Ten minutes past 4:20, Against Prohibition co-founder Brandon Lavy walked onto the stage in Dunn Meadow. The area had been bustling for about an hour, with students and other Bloomington residents floating from booth to booth. Baby boomers and generation-Z kids meandered about.
Protester signs in the crowd featured slogans such as “Weed the People.” Everyone was there for the same general cause — to show their support of legalizing marijuana.
Against Prohibition, an IU group dedicated to ending prohibition in all its forms, was the host of the Monroe County Legalization Rally on Saturday in Dunn Meadow.
“We want to say to our state legislatures that enough is enough,” Against Prohibition member Brandon Perry said. “We want medical, we want recreational marijuana.”
Against Prohibition had been focusing on this rally as its main event for this semester. It invited Higher Fellowship, a group in Indiana dedicated to supporting the community, to speak and share why it supports using the plant.
Co-founder David Phipps talked about the medicinal use and explained how cannabis is a safer option for patients than using drugs with side effects.
“Cannabis needs to be legalized medicinally, of course. It needs to be legalized totally,” Phipps said. “There are far too many Hoosiers suffering needlessly because of this law.”
Phipps also explained it can be a safer option for students wanting to party as opposed to drinking. People can’t overdose on marijuana, he said.
People are coming to understand the benefits. A recent poll in Indiana showed that 73 percent of people support at least the medicinal use of marijuana, Lavy said.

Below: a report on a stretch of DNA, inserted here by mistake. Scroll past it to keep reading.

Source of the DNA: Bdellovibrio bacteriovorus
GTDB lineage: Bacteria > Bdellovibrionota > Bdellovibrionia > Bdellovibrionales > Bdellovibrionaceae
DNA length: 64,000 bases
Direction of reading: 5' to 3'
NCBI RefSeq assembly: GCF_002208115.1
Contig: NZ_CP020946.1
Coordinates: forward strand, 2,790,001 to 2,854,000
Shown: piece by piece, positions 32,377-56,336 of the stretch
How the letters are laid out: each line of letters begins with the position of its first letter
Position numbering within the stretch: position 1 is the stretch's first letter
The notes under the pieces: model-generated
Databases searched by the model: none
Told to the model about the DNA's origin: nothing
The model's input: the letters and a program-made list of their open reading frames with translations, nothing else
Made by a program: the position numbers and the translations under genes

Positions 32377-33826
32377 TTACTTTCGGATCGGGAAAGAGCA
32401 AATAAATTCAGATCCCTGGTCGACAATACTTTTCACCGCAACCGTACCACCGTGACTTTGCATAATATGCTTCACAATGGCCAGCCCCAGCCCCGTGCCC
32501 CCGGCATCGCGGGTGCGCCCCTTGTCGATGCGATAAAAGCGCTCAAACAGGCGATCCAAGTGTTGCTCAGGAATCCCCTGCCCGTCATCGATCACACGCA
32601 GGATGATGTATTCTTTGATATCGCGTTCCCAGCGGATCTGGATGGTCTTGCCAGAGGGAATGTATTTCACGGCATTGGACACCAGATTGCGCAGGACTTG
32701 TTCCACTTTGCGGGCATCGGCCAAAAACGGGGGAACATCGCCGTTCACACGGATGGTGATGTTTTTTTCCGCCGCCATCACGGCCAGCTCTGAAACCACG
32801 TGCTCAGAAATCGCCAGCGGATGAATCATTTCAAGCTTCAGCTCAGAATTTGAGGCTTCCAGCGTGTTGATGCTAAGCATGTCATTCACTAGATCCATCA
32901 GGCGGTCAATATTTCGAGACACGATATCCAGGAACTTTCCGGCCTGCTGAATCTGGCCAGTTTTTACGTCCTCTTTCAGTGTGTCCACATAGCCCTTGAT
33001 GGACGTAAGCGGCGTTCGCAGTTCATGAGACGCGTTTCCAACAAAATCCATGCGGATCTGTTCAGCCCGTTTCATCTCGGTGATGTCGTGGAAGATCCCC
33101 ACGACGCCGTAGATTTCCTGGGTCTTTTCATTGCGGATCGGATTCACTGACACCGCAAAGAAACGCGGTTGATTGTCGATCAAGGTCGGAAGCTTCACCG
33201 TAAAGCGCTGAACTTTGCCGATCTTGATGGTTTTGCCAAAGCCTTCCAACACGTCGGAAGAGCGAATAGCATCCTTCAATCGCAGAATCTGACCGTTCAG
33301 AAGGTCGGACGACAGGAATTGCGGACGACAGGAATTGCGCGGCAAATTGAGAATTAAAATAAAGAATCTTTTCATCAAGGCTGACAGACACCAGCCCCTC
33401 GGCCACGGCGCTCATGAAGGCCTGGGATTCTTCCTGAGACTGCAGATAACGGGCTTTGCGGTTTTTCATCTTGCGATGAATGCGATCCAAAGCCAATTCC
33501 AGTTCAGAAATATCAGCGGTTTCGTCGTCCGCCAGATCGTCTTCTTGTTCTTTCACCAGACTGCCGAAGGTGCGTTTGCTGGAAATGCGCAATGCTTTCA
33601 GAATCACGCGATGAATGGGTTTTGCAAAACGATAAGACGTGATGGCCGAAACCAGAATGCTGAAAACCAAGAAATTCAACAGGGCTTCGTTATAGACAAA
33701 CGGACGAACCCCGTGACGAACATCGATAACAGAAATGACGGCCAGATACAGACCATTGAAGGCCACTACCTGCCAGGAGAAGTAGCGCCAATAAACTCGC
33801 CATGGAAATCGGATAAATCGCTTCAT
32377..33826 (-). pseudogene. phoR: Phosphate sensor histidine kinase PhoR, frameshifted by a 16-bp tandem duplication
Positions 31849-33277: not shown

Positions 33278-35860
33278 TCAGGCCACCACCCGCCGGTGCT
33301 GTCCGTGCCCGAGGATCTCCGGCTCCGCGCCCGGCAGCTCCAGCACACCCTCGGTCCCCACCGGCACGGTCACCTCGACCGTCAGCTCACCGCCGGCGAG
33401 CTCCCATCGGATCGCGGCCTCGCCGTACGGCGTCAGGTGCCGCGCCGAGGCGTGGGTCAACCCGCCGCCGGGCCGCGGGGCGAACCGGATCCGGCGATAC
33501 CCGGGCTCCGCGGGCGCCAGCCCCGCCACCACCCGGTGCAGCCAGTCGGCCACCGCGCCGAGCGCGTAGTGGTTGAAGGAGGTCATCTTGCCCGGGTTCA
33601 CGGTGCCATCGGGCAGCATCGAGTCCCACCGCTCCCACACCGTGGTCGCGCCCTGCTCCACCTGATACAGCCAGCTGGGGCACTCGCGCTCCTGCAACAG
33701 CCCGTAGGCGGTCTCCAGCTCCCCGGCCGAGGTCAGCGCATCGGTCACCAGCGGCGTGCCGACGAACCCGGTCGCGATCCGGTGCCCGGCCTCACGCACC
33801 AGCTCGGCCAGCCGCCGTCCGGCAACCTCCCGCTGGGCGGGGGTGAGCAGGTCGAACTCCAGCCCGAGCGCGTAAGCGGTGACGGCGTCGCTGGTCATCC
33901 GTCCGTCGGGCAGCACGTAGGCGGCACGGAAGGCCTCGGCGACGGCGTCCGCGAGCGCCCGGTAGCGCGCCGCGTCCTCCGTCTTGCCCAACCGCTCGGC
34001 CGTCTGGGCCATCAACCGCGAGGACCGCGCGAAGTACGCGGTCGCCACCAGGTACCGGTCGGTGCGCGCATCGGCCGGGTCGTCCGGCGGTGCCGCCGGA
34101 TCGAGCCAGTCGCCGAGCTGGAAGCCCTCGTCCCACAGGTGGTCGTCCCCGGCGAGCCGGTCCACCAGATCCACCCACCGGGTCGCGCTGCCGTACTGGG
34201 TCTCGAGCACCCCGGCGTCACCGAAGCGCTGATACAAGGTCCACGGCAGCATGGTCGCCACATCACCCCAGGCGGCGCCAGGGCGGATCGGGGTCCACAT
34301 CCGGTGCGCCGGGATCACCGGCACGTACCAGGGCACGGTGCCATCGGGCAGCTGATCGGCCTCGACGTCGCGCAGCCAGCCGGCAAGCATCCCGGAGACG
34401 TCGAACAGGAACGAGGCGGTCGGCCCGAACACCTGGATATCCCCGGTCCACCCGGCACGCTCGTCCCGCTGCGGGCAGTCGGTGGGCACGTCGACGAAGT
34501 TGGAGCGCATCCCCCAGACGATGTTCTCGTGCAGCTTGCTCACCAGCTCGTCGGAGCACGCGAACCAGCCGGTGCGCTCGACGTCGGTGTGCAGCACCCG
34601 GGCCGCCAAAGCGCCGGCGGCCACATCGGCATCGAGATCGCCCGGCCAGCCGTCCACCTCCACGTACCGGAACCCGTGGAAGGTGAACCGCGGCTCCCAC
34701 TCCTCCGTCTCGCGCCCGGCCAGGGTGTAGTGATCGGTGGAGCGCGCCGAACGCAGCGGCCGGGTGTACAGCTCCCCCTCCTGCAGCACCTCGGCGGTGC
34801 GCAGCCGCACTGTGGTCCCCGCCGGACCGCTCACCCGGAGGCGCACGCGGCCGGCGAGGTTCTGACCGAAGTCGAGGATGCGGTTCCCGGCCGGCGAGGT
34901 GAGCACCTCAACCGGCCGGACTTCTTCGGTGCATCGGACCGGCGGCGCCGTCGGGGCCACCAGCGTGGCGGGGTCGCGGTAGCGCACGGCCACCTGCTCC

However, co-founder Bobbie Jo Young talked about the little spoken support for legalizing marijuana, despite its widespread use.
“What I’m going to ask you guys is when Brandon makes a post on Facebook and he says ‘I need help,’ help him,” Young said. “Don’t stay in your dorm room smoking weed, ’cause every street I’ve walked on, every part I can smell it.”
In Indiana, Phipps said approximately $150 million is spent on just enforcing marijuana laws — that doesn’t include housing offenders in jail.
The third co-founder, Tommy Heiser, did not speak at the event, but he also takes the legalization campaign seriously. As a former college professor, Heiser lost his job due a lack of funding.
When he learned about how much the state spends on maintaining these laws, Heiser became involved in the issue. He said the state could use these funds instead to maintain roads and improve education.
Students also spoke their beliefs on legalization. Some said they believed it impeded American rights.
“Ultimately it just frustrates me that people are inhibited from putting something harmless in their body, especially in a country that values liberty as much as ours does and touts that as their identity,” English major Kris Lindquist said.
Ever since May, the Higher Fellowship has been traveling to different counties throughout the state to gain support for the legalization of all marijuana usage. This rally was the final stop on its 2016 Cannabis Legalization rally tour.
“We’re all fighting for the same thing,” Phipps said. “Our mission is to try to draw as much public awareness to this issue as we can.”
Phipps has lost count of how many counties they have visited, but they have visited a different area nearly every Saturday. Next year the group plans to start tours as early as March and stop by more counties.
In the summer, Higher Fellowship plans to have what they call Greenstock in Marion, Indiana. Phipps likened the event to Woodstock, with live music and a lax crowd. He said it’s a time for activists to meet up and relax for a few days while having fun together.
“I’m just really happy to see our legislators and our government finally coming around to the reality of situation,” Phipps said. “They’re finally becoming more comfortable, coming out of that cannabis closet.”
At the end of the rally, the supporters met on stage for a group photo. They held up their protesting signs high, smiled and counted down for the picture — one, two, three, weed.